The Philippines’ score in MasterCard’s 4th annual survey is almost the same as the Philippines’ index score of 68.2 in 2011.

“This Index of Financial Literacy is a good measure of whether and how people in the Asia/Pacific region are making informed decisions around their home finances,” said Georgette Tan, MasterCard’s group head of Communications, Asia/Pacific, Middle East & Africa.

The recent survey, released on July 3, was conducted with 7,756 respondents aged 18 to 64 from Asia/Pacific markets between April and May 2013.

Three major components are considered in the calculation of the final index score: basic money management (50% weight), financial planning (30% weight) and investment (20% weight). Regional Aggregates had been calculated via the average of the components of individual countries before these weights were applied.

Philippine respondents rounded up 67 index points for basic money management, 74 index points for financial planning and 58 index points for investing.

The ability to manage money involves skills such as day-to-day budgeting, paying up bills, handling credit commitments and saving up for big purchases. Investment proficiency includes understanding bank statements and complex investment concepts.

New Zealand remained at the top of the list, with 74 index points, and also in matters related to fundamental money management skills. China has come out as the most proficient in investment, Myanmar in financial planning.

Japan fell at the bottom of the chart with its overall financial literacy at 57 index points.

“There are divides across our markets that reflect the gap between the developed and the developing. Financial literacy is a concern where a large proportion of society are without the support and education that is taken for granted in the developed world,” Tan added.

A developing country, the Philippines was the sole market from the list to have low levels of financial literacy from the demographic of 30-year-olds who are married at the same time. Becoming financially savvy is more pronounced with marriage and increasing family obligations, such as household expenses, education and financial commitments.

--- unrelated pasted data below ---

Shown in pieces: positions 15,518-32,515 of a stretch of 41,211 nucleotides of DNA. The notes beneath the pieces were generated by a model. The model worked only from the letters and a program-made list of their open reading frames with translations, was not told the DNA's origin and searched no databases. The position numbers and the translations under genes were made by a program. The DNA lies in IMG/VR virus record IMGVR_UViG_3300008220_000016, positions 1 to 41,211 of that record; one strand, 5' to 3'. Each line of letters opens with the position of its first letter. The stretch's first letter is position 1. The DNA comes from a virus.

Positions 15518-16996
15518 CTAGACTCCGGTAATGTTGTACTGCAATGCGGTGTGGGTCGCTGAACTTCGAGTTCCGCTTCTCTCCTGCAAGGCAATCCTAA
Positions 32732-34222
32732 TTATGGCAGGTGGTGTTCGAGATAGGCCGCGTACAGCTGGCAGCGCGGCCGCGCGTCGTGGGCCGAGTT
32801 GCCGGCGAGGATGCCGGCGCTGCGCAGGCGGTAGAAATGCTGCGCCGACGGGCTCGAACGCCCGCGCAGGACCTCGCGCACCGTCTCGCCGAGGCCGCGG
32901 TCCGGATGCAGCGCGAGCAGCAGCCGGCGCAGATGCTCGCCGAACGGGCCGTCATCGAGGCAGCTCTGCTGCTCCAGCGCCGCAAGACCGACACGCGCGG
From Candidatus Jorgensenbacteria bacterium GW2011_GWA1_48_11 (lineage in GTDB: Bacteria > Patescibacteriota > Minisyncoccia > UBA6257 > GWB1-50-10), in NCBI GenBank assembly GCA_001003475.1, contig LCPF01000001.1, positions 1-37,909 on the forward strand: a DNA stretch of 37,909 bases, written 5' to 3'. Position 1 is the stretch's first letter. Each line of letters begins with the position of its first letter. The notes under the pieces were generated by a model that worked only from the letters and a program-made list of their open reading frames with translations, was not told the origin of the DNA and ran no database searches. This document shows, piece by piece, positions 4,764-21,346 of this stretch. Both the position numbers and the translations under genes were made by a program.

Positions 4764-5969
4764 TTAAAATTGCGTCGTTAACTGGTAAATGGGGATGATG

Link to original site here

saving is a bitch
saving is a bitch

How about you? Do you find it easy to arrange your finances and set it in order?

For almost five months now, putting my finances in order has been my sole obsession. I don’t know what prompted my quest to scrimp, save and invest aside from the fear of dying and leaving nothing to my family in spite the crazy hours I spent working.

As embarrassing as this may sound, my financial IQ is nil and almost non-existent. I lack the discipline to save my money and look the other way when it comes to my wants and not needs. I am currently trying a lot of ways to save, invest and keep. I’ve read somewhere that 10% of our salary should go to our savings, 20% to our investments (different from the rotating money in the bank) and 70% should go to our day-to-day expense.

I wish I could tell you that everything is going according to plan and that all my savings are growing according to the same gaant chart that I prepared with gusto. However, the reality is that, like any other Filipino, my monthly expense sometimes outweight my monthly earnings. Instead of allotting money first for my investments (mutual and emergency fund) and savings (revolving fund) accounts, what happens is that I am forced to pay for my bills before I set money for my savings. According to the many investment and financial websites I have studied, what is correct is to pay yourself first before you pay others.

Here are some financial literacy tips from Investopedia

1. Responsible use of credit cards
If you have a credit card and you’re barely paying the minimum payment due per month, then there is something seriously wrong with your financial spending. Credit cards are convenient tools and provides you financial flexibility but they shouldn’t be taken in as substitute to cash. Stop using your credit cards to pay for your wants (yes, very easy to say when there’s no H&M, Forever 21 or GAP near your office). Credit cards should be used for emergency expenses only (thing is: a plane ticket qualifies as an emergency to me).

2. Pay yourself first
As mentioned earlier, make it a habit to pay yourself first before you start paying your bills and other obligations. Since this is the part of my financial journey where I struggle the most, I am planning to do something to improve how I do this. One plan is to NOT use my money, and not withdraw anything unless I have paid myself using the medium I discovered — 10% savings (revolving funds) and 20% (investment/emergency funds).

3. Have an emergency fund in hand
Shit happens — people get sick, appliances get broken, unemployment happens and insane discounted tickets to Japan gets announced (kidding on this one); it’s best to always have money in store to use for instances such as these. Since I was young, I was told that one must have at least three times the worth of her salary in her bank account. But apparently, amount should be equivalent to six times your salary in order to cover living expenses and even cases like hospitalization.

4. Stop keeping up with the neighbors
Just because your neighbor happened to buy a new car doesn’t mean you have to line up to the dealership also. Be contented with what you have. Your neighbors do not pay your bills, so their opinion doesn’t and shouldn’t count on how you live a financially-independent life.

5. Have a budget
…and stick with it.